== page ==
Granddad died in Feb. 1988, I miss him, but cherish the moments.
    Thanks for sharing, I never knew my great grand father, only have seen a picture of him when he was over Egypt before WW1, and then he went to Europe to fight the Germans for the British (Jamaica was a colony of Great Briton), my grand dad said his father was a medic and sadly he died in 1975 when he slipped from some steps and broke his neck, wish I got a chance to know him.
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    Member Array rhunt's Avatar
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    It's great to hear stories like this. Both my grandfathers fought in WWII. One in the Navy and one in the Army. It gives me great pride to tell the stories that they told me of their experiences in the great war to my daughters, one of which is 18 now. My mom's dad passed away in 1998, but I will never forget staying up nights talking to him about fighting the germans in WW2 (the tank he was in was blown upside down when it ran over a land mine the day after the germans surrendered to the russians) . My Dad's father was on the destroyer USS Pringle that was sunk by a kamikaze near Okinawa. I still talk to him about the war (he's 84 now). WWI was a little too far before my time to know any people that were in it, but like the people who served in WWII "what great Americans". Seems like a better time (more loyal to the US).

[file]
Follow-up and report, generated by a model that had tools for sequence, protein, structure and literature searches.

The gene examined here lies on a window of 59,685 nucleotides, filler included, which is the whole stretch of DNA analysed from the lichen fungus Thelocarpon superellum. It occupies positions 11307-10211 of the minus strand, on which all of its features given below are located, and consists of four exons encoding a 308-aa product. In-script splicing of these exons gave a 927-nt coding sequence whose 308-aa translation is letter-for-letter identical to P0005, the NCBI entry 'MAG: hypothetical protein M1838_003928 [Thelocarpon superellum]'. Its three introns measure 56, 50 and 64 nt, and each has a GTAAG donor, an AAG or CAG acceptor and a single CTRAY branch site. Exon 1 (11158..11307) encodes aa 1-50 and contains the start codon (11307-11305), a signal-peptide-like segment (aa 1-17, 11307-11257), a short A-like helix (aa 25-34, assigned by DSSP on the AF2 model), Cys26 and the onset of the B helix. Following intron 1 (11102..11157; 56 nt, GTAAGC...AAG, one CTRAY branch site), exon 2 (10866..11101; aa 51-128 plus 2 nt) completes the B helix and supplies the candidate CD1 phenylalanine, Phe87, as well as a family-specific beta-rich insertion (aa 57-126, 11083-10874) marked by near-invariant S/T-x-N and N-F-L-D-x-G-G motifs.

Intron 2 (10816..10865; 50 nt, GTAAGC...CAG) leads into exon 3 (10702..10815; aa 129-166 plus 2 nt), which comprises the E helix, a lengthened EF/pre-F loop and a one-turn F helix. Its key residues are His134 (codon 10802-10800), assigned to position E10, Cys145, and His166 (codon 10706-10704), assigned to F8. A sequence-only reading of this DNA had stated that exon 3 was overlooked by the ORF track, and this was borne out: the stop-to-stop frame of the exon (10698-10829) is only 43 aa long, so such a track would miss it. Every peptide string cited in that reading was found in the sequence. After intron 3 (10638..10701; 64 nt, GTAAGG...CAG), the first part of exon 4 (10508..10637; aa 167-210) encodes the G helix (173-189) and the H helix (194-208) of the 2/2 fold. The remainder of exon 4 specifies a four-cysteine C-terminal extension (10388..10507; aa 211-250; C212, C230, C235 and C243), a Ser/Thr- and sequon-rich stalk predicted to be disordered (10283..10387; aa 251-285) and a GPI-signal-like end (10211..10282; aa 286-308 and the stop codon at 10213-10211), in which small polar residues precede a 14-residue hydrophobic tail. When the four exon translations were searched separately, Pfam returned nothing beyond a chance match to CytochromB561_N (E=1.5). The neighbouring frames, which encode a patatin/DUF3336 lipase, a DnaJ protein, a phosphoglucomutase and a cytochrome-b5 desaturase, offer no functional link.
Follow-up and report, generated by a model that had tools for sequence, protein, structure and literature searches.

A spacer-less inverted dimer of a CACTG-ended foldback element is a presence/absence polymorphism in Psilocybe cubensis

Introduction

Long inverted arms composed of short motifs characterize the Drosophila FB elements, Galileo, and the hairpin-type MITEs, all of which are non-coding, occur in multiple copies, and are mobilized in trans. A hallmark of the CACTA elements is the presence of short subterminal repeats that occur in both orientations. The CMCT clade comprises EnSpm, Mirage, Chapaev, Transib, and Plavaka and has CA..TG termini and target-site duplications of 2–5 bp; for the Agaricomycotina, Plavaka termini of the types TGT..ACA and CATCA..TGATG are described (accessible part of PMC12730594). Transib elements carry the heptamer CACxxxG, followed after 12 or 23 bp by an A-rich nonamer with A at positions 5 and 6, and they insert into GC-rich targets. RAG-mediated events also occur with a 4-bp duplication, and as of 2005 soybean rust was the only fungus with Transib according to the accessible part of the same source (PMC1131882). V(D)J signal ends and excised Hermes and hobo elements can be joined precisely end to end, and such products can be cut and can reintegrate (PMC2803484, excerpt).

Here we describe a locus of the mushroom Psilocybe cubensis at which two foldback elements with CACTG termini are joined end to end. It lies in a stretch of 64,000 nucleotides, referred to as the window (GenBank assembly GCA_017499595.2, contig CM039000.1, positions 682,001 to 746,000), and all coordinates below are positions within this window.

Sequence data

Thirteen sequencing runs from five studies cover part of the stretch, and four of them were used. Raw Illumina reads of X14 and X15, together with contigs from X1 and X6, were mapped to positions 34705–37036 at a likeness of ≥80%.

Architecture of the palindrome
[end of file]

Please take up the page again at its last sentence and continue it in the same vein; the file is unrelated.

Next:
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    Member Array dudester's Avatar
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    Happy Birthday Granddad.

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    Thank you for sharing!


    The tyrant dies and his rule is over, the martyr dies and his rule begins. ― The Journals of Kierkegaard

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    VIP Member Array crzy4guns's Avatar
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    Your story struck a chord with me. My paternal grand father was a WWI vet and one of the last cavalry soldiers in the Army. He often told us that his horse was watered and rested before he even drank from his canteen. He, like your grandfather, was also in France and in some of the battles that took place there at the time. My grandfather passed away in 1975 and is buried at Fort Leavenworth in Kansas.
    God bless our troops!

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    Great story, thanks for sharing~!